Top court bans unjustified police stops

More than 100,000 drivers have been ticketed each year for violating a state law that is unconstitutionally vague, overly broad, and invites discriminatory enforcement, according to a new opinion from the New Jersey Supreme Court.

“Cops in NJ will no longer be able to stop drivers for plate frame violations like this, where only a small portion of ‘Garden State’ is covered, per today’s Supreme Court ruling,” said civil rights attorney C.J. Griffin,  director of the Justice Gary S. Stein Public Interest Center at Pashman Stein Walder Hayden.

At issue is whether police may stop a driver whose frame covers part of the tag although the identifying markings on a license plate remain visible. The motorists that have been stopped are disproportionately drivers people of color.

The decision establishes a tougher burden on police than the US Supreme Court’s ruling inHeien v. North Carolina, 574 U.S. 54 (2014), which held that if a police officer’s understanding of the law is mistaken but reasonable, a resulting vehicle stop does not violate the Fourth Amendment because the officer had reasonable suspicion justifying the stop.

“We decline to adopt the standard set forth in Heien under the New Jersey Constitution,” Chief Justice Stuart Rabner wrote. “The State Constitution is designed to protect individual rights, and it provides greater protection against unreasonable searches and seizures than the Fourth Amendment. Under Article I, Paragraph 7 of the State Constitution, it is simply not reasonable to restrict someone’s liberty for behavior that no actual law condemns, even when an officer mistakenly, although reasonably, misinterprets the meaning of a statute.”

Rabner said law enforcement officers “suffer no penalty if they make a reasonable mistake. That cannot be said of individuals who are stopped or searched based on a mistaken interpretation of the law. They cannot tailor their behavior in advance to abide by what an officer might reasonably, but mistakenly, believe the law says. And if they are then stopped –without notice –for conduct that no law proscribes, they suffer real harm.”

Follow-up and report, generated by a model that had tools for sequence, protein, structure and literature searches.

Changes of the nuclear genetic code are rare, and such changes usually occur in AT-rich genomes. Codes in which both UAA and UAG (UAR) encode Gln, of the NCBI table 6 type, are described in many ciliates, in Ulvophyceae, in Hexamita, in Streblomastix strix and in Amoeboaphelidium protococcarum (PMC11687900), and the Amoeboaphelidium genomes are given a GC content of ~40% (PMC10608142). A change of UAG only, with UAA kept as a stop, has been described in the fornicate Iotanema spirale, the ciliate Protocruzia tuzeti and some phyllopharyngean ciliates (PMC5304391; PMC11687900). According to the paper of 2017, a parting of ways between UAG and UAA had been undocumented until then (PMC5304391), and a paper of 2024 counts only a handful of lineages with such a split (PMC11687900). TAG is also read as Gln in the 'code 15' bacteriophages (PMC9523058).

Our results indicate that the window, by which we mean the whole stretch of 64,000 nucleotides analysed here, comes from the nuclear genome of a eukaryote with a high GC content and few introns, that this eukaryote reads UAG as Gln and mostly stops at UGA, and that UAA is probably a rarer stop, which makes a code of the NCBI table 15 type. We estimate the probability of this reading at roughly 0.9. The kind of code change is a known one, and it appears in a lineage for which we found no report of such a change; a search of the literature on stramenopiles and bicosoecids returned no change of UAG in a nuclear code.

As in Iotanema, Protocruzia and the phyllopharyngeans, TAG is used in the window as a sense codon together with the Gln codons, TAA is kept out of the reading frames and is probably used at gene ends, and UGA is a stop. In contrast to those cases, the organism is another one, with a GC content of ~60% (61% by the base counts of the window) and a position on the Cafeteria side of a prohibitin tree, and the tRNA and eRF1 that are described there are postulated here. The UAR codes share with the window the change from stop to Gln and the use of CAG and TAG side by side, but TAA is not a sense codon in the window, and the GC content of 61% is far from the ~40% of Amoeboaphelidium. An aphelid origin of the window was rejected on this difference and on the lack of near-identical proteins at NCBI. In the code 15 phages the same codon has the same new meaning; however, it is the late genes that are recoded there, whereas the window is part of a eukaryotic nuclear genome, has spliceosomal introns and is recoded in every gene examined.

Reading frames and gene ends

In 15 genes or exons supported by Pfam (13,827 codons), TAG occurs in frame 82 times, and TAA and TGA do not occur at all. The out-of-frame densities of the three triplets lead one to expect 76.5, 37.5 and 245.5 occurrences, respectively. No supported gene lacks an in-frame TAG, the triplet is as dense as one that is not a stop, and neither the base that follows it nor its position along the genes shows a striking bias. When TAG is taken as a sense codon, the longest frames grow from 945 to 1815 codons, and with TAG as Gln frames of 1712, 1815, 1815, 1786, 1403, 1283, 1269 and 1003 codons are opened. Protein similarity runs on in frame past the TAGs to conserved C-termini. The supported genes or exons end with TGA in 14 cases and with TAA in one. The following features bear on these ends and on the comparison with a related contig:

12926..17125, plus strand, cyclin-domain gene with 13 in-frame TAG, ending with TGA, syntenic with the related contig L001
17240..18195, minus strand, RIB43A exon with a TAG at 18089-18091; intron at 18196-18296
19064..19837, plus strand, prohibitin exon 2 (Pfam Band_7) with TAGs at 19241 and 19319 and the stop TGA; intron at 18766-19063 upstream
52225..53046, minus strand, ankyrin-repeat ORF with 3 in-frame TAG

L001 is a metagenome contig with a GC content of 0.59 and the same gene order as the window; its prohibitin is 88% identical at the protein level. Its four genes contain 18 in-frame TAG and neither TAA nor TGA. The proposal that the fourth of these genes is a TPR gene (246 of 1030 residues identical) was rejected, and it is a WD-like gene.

Darius Carter

Consequently, two convicted criminals will be released because the police should not have been able to obtain evidence against them during illegal traffic stops.

Darius Carter was stopped in September 2014 because police said the words “Garden State” were covered on his car’s license plate, and the officers charged him for driving without a license, being the subject of two outstanding arrest warrants and possession of heroin and a small amount of cocaine found on him at the time of his arrest.

Miguel Roman-Rosado

A police officer found an unloaded handgun after he stopped the car Miguel Roman-Rosado was driving in April 2016, because he noticed a bracket around the rear license plate that covered about ten or fifteen percent of the words “Garden State.” He subsequently pled guilty to violating N.J.S.A. 2C:39-7(b)(1) (certain persons not to possess a weapon) after his effort to suppress the weapon as having been the product of an unlawful search and seizure.

The state’s top court ruling is the second recent opinion that makes changes to how the state court system views discrimination, this time setting new rules for when police may legally initiate a traffic stop.

The justices unanimously awarded a new trial in State v. Edwin Andujar on July 13, after reviewing Andujar’s conviction for murdering his roommate in 2014.

That case made vital changes to the way state courts views discrimination by addressing a little-known practice of conducting criminal history checks on prospective jurors and explicitly recognizing unconscious racial bias as a form of illegal discrimination.

Implicit bias “is no less real and no less problematic than intentional bias,” wrote Rabner in his Andujar opinion. “From the standpoint of the State Constitution, it makes little sense to condemn one form of racial discrimination yet permit another.”

That decision tossed out a 2017 first-degree murder conviction after finding that the state may have relied on “implicit or unconscious” bias when it sought to remove a prospective Black juror by running a background check on him and arranging to have him arrested over an open municipal court warrant.

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